With interest rate increases, central banks are committed to fighting inflation, which exceeds 20% in Latvia and other Baltic States. Kārlis Vilerts, head of the monetary policy research department of the Bank of Latvia, stressed that this is a hard pill to swallow, but it is needed to keep inflation from rooting.
“One thing is to live with inflation for a short period of time, knowing that very soon we will return to low inflation, at 2%, as we have seen in the last 10 years. A different story, if inflation is to stay. Then there is the risk that inflation will take root, it will be priced into wages, but employers will be forced to finance it by raising prices for goods and services, so inflation will be driving itself forward,” explained Vilerts.
Higher interest rates are a way to cool and brake inflation a little. Vilerts said that inflation is not currently caused by the overheating of the economy, but by global developments – rising energy resources and food prices, problems with supply chains. Higher interest rates will not solve these problems directly.
“Consequently, it is naive to expect inflation to brake immediately. What higher interest rates will do is not allow that, when the energy crisis is over, inflation will be here to stay. In this way, high interest rates do their job. It is a sign that central banks are aware of the seriousness of the inflation problem and are doing all they need to return inflation to the 2% target as soon as possible."
Dainis Gašpuitis, economist at SEB Bank, said that economic growth is currently slowing down and problems are only exacerbating, and the highest point is still ahead.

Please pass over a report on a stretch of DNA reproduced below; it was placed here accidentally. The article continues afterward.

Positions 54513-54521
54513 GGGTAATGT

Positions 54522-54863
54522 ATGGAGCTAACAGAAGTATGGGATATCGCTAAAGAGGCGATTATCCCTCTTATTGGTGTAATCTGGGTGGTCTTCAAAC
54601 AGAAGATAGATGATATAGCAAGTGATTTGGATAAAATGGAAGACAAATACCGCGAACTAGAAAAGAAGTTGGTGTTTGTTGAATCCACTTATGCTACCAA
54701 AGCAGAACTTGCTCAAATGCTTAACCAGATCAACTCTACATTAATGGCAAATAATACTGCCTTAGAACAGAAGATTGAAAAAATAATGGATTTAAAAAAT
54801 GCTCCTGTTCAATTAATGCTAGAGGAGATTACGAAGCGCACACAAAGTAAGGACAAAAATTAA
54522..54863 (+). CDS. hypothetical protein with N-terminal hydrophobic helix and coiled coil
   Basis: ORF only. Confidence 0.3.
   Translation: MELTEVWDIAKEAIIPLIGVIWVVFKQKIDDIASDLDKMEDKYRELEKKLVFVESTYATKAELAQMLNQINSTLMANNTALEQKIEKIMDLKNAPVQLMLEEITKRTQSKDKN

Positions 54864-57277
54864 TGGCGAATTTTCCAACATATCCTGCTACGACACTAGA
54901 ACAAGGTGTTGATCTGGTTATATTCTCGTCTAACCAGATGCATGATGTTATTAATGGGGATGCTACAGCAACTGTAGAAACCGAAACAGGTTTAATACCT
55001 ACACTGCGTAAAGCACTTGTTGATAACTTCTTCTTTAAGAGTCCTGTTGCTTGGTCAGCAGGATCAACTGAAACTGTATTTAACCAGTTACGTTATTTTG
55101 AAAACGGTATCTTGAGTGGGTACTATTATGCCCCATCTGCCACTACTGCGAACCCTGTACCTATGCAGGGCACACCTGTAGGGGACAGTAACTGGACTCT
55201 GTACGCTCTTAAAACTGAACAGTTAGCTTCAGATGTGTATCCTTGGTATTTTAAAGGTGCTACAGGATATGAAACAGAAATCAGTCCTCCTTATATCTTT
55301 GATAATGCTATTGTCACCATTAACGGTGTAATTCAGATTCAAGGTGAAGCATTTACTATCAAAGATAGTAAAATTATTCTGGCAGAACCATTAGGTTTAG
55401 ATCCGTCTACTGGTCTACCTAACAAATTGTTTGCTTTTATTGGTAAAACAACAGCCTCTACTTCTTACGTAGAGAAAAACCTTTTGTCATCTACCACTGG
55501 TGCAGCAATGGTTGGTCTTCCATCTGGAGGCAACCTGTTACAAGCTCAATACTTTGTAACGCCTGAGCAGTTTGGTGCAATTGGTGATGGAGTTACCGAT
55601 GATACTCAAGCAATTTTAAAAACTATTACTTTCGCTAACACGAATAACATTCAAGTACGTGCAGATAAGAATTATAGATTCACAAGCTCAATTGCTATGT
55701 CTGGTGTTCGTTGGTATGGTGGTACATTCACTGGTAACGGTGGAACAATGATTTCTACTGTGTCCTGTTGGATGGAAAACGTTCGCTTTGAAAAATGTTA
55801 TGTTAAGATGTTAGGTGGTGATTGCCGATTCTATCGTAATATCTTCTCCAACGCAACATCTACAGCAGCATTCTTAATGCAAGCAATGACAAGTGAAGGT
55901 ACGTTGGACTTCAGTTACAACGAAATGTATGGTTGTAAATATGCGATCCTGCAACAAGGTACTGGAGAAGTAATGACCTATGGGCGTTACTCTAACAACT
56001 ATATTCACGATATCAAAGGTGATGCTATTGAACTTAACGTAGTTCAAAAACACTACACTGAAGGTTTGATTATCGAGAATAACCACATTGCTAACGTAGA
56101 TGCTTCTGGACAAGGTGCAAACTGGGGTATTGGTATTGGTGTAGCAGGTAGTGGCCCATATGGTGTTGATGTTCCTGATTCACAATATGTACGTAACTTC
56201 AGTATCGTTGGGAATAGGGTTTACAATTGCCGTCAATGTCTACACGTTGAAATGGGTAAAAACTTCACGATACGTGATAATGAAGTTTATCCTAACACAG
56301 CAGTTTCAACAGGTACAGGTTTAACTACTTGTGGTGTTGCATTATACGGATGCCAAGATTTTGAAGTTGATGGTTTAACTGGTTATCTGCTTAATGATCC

"And in such circumstances, raising interest rates, which further complicates this situation, is not really optimistic [..] and, of course, increases costs for both households and businesses. The question is: What else are the alternatives? At present, the processes that drive inflation in Europe are basically gas prices and developments in Ukraine. And it's clear that central banks do not have the tools and levers," said Gašpuitis.
Higher interest rates mean that for businesses and households, monthly credit payments will rise, and there may be some customers who will find it difficult to cope with cost rises. “Of course, if both utilities and food prices rise, then credit payment can be a very difficult challenge.”
The Chairman of the Board of the Latvian Chamber of Commerce and Industry, Jānis Endziņš, said that this situation is not easy for companies, because it will create more expensive credit servicing, and the market situation is also deteriorating in Latvia and in export markets. According to Endziņš, recession is expected in the near future.